He has unseated at the first fence in two of his five chases, but he ran well last time in the Grade 3 Flyingbolt Chase over two miles at Navan to finish second behind his stable companion, the progressive mare Scarlet And Dove, when he had subsequent Grade 3 Pierce Molony Memorial Chase winner I’m A Game Changer back in third. Sixth behind Monkfish and Latest Exhibition and Fury Road in the Albert Bartlett Hurdle at Cheltenham last season, that two-mile trip should have been shorter than ideal for him, and his chase mark of 139 is 3lb lower than his hurdles mark.
Pulled up when well fancied for the Thyestes Chase, he shaped encouragingly next time over hurdles at Fairyhouse when he finished second to Rhythm Divine, and he ran well last time too, back over fences, in finishing second behind Scoir Mear in the Leinster National. A 4lb hike for that run takes him up to a mark of 139, but he remains a horse from whom there could still be a fair bit more to come.
The last time we saw her, she was beating last month’s Champion Chase heroine Put The Kettle On in the Grade 3 Like-A-Butterfly Novice Chase over two and a half miles at Tipperary in October 2019. It will be a fine training performance by the champion trainer if he can produce her to win an Irish National after an absence of 547 days but, winner of a Grade 3 novice hurdle over three miles, there is every chance that she will stay, and a handicap rating of 138 is workable.
He was pulled up in Stormy Judge’s race at Navan last time, but he was in good form before that, winning a handicap chase and a handicap hurdle at Punchestown. He stays three miles well and he leaves the impression that he has every chance of getting three miles and five furlongs.
Winner of his beginners’ chase over two and a half miles at Gowran Park on his debut this season, he finished third behind Latest Exhibition and Pencilfulloflead in the Grade 2 Florida Pearl Chase at Punchestown in November. He finished 13 lengths behind Court Maid in second place in the Porterstown Chase over the Irish National course and distance in November the last time we saw him, and he meets Tom Mullins’ mare on 10lb better terms now. He goes into the race off a nice break.
He goes well in these big staying handicap chases. Second in last season’s Troytown Chase, second in last season’s Paddy Power Chase, he ran well again last time, staying on well to finish third in the Leinster National at Naas. He doesn’t get much respite from the handicapper, but he stays well, he goes into the race in good heart, and both his trainer and his rider have been in really good form of late.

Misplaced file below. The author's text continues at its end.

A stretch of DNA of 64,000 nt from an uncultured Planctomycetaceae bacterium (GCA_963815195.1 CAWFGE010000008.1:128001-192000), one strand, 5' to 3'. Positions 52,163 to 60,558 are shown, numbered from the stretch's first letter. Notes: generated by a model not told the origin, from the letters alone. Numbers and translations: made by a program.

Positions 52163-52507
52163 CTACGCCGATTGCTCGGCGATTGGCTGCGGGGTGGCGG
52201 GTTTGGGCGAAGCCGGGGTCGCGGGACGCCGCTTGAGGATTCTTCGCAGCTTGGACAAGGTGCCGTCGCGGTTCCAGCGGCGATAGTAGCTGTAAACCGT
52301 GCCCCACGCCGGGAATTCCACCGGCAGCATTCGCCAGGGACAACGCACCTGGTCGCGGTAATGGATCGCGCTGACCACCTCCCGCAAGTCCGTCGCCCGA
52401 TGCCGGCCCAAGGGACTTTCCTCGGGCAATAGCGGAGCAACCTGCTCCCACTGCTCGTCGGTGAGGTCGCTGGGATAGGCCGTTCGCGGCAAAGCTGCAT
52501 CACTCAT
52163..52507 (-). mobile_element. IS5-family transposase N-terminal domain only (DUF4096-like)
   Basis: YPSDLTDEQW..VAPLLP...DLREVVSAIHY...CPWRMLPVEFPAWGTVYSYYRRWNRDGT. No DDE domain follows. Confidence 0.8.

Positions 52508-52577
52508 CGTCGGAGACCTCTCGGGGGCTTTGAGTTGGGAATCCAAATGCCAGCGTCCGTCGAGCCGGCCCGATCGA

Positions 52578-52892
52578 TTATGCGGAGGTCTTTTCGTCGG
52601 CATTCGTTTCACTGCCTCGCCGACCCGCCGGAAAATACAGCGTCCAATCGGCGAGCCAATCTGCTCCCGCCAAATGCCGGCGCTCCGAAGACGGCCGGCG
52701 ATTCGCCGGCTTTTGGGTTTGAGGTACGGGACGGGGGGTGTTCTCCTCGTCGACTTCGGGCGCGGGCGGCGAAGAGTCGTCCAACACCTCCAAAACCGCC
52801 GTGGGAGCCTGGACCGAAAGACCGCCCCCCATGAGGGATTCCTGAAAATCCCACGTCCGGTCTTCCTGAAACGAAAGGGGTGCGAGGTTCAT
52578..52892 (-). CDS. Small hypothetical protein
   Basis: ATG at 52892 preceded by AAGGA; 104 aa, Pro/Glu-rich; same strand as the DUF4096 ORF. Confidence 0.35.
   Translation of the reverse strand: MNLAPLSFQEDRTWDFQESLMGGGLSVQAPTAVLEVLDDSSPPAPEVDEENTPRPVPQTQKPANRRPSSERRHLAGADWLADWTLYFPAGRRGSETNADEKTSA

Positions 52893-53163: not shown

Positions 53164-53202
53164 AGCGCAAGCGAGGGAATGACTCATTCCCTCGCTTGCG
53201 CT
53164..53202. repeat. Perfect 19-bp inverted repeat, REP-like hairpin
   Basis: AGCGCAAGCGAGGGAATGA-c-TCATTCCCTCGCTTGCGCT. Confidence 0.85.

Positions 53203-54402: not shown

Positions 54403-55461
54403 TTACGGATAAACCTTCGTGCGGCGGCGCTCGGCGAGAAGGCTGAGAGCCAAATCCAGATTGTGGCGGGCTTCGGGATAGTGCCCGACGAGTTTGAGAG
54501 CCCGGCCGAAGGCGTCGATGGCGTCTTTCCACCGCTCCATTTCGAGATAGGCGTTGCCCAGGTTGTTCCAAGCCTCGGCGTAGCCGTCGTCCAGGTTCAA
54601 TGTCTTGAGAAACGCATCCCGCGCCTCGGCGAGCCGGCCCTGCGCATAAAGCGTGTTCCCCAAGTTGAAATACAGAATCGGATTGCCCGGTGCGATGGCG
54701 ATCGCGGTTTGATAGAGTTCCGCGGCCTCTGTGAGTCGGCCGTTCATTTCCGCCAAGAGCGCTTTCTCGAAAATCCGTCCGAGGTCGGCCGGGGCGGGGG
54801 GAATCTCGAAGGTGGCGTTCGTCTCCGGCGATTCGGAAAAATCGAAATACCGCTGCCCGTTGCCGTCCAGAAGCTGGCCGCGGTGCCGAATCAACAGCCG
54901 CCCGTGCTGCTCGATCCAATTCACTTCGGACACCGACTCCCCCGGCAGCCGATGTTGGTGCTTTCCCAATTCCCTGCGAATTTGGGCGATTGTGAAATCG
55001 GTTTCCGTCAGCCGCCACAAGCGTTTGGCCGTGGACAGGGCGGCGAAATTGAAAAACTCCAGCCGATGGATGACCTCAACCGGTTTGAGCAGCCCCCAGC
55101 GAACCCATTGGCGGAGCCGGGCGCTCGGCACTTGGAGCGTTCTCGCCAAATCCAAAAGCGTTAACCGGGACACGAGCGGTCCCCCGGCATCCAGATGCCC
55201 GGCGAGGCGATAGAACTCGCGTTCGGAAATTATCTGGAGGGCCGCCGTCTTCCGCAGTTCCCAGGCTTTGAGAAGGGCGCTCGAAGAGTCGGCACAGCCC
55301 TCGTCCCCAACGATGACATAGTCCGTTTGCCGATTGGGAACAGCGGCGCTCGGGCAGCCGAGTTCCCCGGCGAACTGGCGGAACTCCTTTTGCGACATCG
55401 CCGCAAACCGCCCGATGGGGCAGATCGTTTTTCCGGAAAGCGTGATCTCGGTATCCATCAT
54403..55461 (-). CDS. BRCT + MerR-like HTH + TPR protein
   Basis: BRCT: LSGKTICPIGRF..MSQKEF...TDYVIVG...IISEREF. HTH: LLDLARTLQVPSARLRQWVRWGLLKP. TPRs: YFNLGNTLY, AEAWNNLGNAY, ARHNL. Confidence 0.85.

He battled on well to win the Midlands National at Kilbeggan last July. A faller over hurdles on his next run, he has been well beaten in his three chases since, but they were all on soft ground. He should be happier on the better ground that he will surely encounter on Monday, and he has dropped back down to a rating of 137, just 2lb higher than the mark off which he won the Midlands National.
A talented hurdler last season, he hasn’t won yet over fences, but he only went down by a neck to his stable companion A Wave Of The Sea in the Matheson Handicap Chase at Leopardstown’s Dublin Racing Festival in February, in a race that is working out extremely well. He was beaten by Myth Buster in a beginners’ chase over two miles and six furlongs at Thurles last time, and you wouldn’t have thought that he was crying out for a step up to three miles and five furlongs, but he is only six and he could be a well-handicapped horse now over fences on a mark of 136, 6lb lower than his hurdles mark.
A dual winner over hurdles last season as a novice, he finished a close-up third behind Latest Exhibition and School Boy Hours in a beginners’ chase at Punchestown in October on his chasing bow, and he was only just beaten by Assemble next time at Fairyhouse. He didn’t go forward from that in his next two runs, but he was better last time at Wexford in chasing home Defi Bleu in his first-time cheekpieces. He still has the potential to be better than his current mark.
His task in his beginners’ chase at Thurles in November was rendered easier than it might have been when Sams Profile and Lord Royal both fell. He came up short in graded company twice after that, but he didn’t shape badly last time in the Leinster National in finishing fourth behind Stormy Judge off a mark of 135, the mark off which he will race on Monday.
A typically competitive renewal of the Irish Grand National in which a case can be made for many, but RUN WILD FRED has lots in his favour. He is a progressive novice who stays well and who proved that he could handle the hustle-bustle of a big-field staying handicap chase when he finished second in the Thyestes Chase last time. A 4lb hike for that run takes him up to a mark of just 140, which is still 4lb lower than his hurdles mark. It leaves him with 10st 11lb to carry, which is a positive in a race in which only Our Duke has carried more than 10st 13lb to victory since Commanche Court won the race under 11st 4lb in 2000. A seven-year-old who has raced just six times over fences, he still has plenty of potential for progression as a staying chaser, and he will have Jack Kennedy for company. He stays three miles well, he leaves the impression that he will stay further, and he won a bumper on his only run to date at Fairyhouse.
For more from Donn, visit www.donnmcclean.com